SAN FRANCISCO -- John Barr cited spin rates. He mentioned exit velocity. That's right: The scouting director of the San Francisco Giants, an organization widely considered to remain rooted in bygone forms of player evaluation, spoke with casual familiarity about modern metrics."Just because I have white hair doesn't mean I'm
SAN FRANCISCO -- John Barr cited spin rates. He mentioned exit velocity. That's right: The scouting director of the San Francisco Giants, an organization widely considered to remain rooted in bygone forms of player evaluation, spoke with casual familiarity about modern metrics.
"Just because I have white hair doesn't mean I'm old-school," Barr jokingly said Wednesday after the MLB Draft concluded.
:: 2017 MLB Draft coverage ::
San Francisco selected 18 right-handed pitchers, six left-handed pitchers, three catchers, six infielders and seven outfielders during the three-day talent grab.
• Giants top 30 prospects
And the Giants did so while employing every tool available to them -- including metrics.
"It came down to using more and more information, because you have more information that is available to you now, and we did it well," Barr said. "We digested it well. There were a lot of people involved, from the IT department to our scouts. It was definitely an organizational Draft."
The truth is, the Giants have increasingly relied on contemporary methods of player evaluation for years. And with this Draft, they maintained a different reputation: Being willing to take a risk.
San Francisco selected high schoolers, whose futures usually are more volatile than collegians, with its first three picks: outfielder Heliot Ramos, the highest-drafted player out of Puerto Rico (19th overall) since Carlos Correa was taken first overall by Houston in 2012; third baseman Jacob Gonzalez, who's bigger than his father, former All-Star outfielder Luis Gonzalez; and left-hander Seth Corry, Gatorade's Player of the Year in Utah.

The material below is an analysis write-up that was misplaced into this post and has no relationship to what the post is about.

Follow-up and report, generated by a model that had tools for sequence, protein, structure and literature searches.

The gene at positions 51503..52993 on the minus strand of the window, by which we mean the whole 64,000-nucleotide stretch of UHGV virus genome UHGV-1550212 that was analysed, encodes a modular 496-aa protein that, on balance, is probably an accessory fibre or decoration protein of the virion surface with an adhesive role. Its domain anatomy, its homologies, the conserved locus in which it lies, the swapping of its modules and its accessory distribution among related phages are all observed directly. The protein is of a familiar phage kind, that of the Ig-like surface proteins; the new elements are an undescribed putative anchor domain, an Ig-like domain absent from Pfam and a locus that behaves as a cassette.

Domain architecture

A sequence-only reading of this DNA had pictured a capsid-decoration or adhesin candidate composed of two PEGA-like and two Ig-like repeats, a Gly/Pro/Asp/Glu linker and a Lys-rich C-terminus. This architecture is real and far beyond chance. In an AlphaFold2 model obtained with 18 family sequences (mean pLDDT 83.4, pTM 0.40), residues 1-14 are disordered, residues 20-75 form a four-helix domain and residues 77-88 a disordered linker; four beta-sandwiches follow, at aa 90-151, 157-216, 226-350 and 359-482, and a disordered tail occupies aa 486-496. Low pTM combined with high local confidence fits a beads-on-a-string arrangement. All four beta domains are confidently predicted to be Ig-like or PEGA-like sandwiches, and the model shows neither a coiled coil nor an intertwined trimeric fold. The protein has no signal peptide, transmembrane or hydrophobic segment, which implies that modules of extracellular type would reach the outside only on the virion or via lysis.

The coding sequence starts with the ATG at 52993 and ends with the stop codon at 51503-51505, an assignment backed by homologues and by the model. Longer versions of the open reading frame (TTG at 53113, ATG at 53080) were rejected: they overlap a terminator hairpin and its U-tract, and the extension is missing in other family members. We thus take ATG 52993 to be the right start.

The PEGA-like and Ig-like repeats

The last time the Giants chose high schoolers with their first three picks was 2007, when they took left-hander Madison Bumgarner, right-hander Tim Alderson, outfielder Wendell Fairley and infielder Nick Noonan with their top four selections.
Barr said that drafting prospects "who were young, athletic and projectable was a key for us."
That trio of Ramos, Gonzalez and Corry comprised half of the six high schoolers the Giants drafted. They spent their other 34 selections on college players, including fourth-round pick Garrett Cave and fifth-rounder Jason Bahr, right-handers who the Giants believe can ultimately supplement the Major League starting rotation.
At times, the Giants appeared as if they were trying to live up to their nickname in replenishing their pitching. Cave and Bahr are both listed as 6-foot-4. Other pitchers they drafted in the top 10 rounds included 6-foot-7 Logan Harasta, 6-foot-6 John Gavin and 6-foot-5 Aaron Phillips.
From their 13th choice, 6-foot-4 right-hander Tyler Schimpf, to their last of 40 selections, 6-foot-8 right-hander Liam Jenkins, the Giants drafted 10 pitchers standing 6-foot-4 or taller.
"It just so happened those were the ones that were there," Barr said.
Chris Haft has covered the Giants since 2005, and for MLB.com since 2007. Follow him on Twitter at @sfgiantsbeat and listen to his podcast.